Inutsuka, Shu-ichiro, editor in chief. Protostars & Planets VII. Tempe: University of Arizona Press, 2023. This entry will be about this latest series (search) volume, and the international conference in Japan in April 2023 from which its chapters are drawn. We note, for example, Offner, Stella, et al. The Origin and Evolution of Multiple Star Systems by Stella Offner, et al, Organic Chemistry in the First Phases of Solar-type Protostars by Ceccarelli, Cecilia, Ceccarelli,et al, Architectures of Compact Multi-Planet Systems by Lauren Weiss, et al and Chemical Habitability: Supply and Retention of Life's Essential Elements During Planet Formation by Krijt, Sebastiaan, Krijt, et al. Our EarthMost global and galactic quest picks up again going forward.
Carbon, Hydrogen, Nitrogen, Oxygen, Phosphorus and Sulfur (CHNOPS) play key roles in the origin and rise of life on Earth. We begin by citing the CHNOPS budget on Earth, their role in shaping our biosphere, and origins in the Solar Nebula. We then view how these elements are distributed in diverse astrophysical settings, tracing their journeys from synthesis in dying stars to molecular clouds, and onto temperate rocky planets around main sequence stars. (Krijt, S. excerpt)
Jones, Barrie. The Search for Life Continued: Planets Around Other Stars. Berlin: Springer, 2008. The Open University astronomer provides a thorough, illustrated guide to earth’s outward quest for animate neighbors across the galaxy and cosmos. This endeavor has lately taken on a new scope with the ability to search for and detect similar planets orbiting distant suns. Their apparent proliferation provides another good reason that we are not alone. And to gain such a vista for our precious home abode, so egg-like and pregnant in the celestial reaches, could inspire us to join in a common incentive and destiny, therefore choose Earth.
Kaltenegger, Lisa. How to Characterize Habitable Worlds and Signs of Life. Annual Review of Astronomy and Astrophysics. 55/433, 2017. The Cornell University, Carl Sagan Institute astronomer introduces and scopes out a novel field of “comparative planetology” as worldwide collaborations come upon and enter a revolutionary fertile cosmos graced by a profligate propensity to form globular bioworlds and incubator solar systems. Biochemical precursors, protocell rudiments, incipient microbes, and so on hence seem to inherently appear, evolve, wherever they can. An especial feature for initial studies would be signatures of biospheric atmospheres.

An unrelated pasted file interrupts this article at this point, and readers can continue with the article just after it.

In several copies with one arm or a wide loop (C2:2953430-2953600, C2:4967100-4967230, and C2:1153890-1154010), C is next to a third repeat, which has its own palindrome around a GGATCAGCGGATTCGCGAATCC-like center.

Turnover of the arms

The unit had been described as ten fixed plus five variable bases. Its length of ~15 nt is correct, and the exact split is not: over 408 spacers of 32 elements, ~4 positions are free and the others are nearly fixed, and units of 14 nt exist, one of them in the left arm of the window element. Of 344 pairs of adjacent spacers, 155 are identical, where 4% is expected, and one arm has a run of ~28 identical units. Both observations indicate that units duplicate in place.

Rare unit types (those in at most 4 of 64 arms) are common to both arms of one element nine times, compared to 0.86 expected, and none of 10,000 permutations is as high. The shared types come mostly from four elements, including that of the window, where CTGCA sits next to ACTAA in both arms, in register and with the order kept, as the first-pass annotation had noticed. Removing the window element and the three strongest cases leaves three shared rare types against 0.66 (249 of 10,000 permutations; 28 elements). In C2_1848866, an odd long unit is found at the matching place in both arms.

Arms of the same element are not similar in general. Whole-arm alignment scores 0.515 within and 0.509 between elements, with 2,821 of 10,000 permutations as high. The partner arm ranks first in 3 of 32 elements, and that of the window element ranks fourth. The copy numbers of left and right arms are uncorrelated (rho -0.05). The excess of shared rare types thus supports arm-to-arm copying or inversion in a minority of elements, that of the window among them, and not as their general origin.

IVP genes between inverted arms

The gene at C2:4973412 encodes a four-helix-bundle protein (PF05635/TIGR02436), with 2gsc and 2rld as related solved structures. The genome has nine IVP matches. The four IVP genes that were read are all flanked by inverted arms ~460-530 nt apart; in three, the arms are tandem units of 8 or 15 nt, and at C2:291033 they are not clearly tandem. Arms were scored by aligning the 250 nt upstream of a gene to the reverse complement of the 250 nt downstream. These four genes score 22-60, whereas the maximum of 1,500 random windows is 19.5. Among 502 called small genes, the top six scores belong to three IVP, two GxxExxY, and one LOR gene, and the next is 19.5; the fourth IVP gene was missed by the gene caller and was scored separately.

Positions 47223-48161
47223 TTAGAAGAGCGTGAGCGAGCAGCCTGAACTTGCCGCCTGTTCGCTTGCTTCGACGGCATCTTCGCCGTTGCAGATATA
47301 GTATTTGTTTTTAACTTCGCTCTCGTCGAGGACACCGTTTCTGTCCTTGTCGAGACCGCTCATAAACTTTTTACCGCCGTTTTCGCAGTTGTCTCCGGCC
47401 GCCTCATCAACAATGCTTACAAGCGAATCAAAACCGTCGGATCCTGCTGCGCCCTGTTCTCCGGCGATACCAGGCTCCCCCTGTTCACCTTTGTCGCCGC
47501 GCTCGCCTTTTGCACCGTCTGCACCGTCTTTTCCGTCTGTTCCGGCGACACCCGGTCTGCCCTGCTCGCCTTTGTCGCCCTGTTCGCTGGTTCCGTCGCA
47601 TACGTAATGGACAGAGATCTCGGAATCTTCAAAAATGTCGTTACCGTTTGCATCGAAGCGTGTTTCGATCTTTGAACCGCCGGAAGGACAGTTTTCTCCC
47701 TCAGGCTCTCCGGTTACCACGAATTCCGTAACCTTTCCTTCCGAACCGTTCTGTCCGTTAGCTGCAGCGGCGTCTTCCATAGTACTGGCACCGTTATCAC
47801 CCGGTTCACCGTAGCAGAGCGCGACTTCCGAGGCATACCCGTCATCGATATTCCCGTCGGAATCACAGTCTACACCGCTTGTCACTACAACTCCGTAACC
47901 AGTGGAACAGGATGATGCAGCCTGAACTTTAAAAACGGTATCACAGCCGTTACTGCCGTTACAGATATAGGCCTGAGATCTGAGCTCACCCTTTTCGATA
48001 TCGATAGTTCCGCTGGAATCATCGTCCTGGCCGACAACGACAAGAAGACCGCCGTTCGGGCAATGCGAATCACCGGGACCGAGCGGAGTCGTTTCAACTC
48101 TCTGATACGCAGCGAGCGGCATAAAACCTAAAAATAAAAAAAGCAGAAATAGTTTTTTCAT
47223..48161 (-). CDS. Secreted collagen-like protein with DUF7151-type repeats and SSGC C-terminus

The detection of exoplanets orbiting other stars has revolutionized our view of the cosmos. First results suggest that it is teeming with a fascinating diversity of rocky planets, including those in the habitable zone. Even our closest star, Proxima Centauri, harbors a small planet in its habitable zone, Proxima b. With the next generation of telescopes, we will be able to peer into the atmospheres of rocky planets and get a glimpse into other worlds. Using our own planet and its wide range of biota as a Rosetta stone, we explore how we could detect habitability and signs of life on exoplanets over interstellar distances. The discussion on what makes a planet a habitat and how to detect signs of life is lively. This review will show the latest results, the challenges of how to identify and characterize such habitable worlds, and how near-future telescopes will revolutionize the field. For the first time in human history, we have developed the technology to detect potential habitable worlds. (Abstract)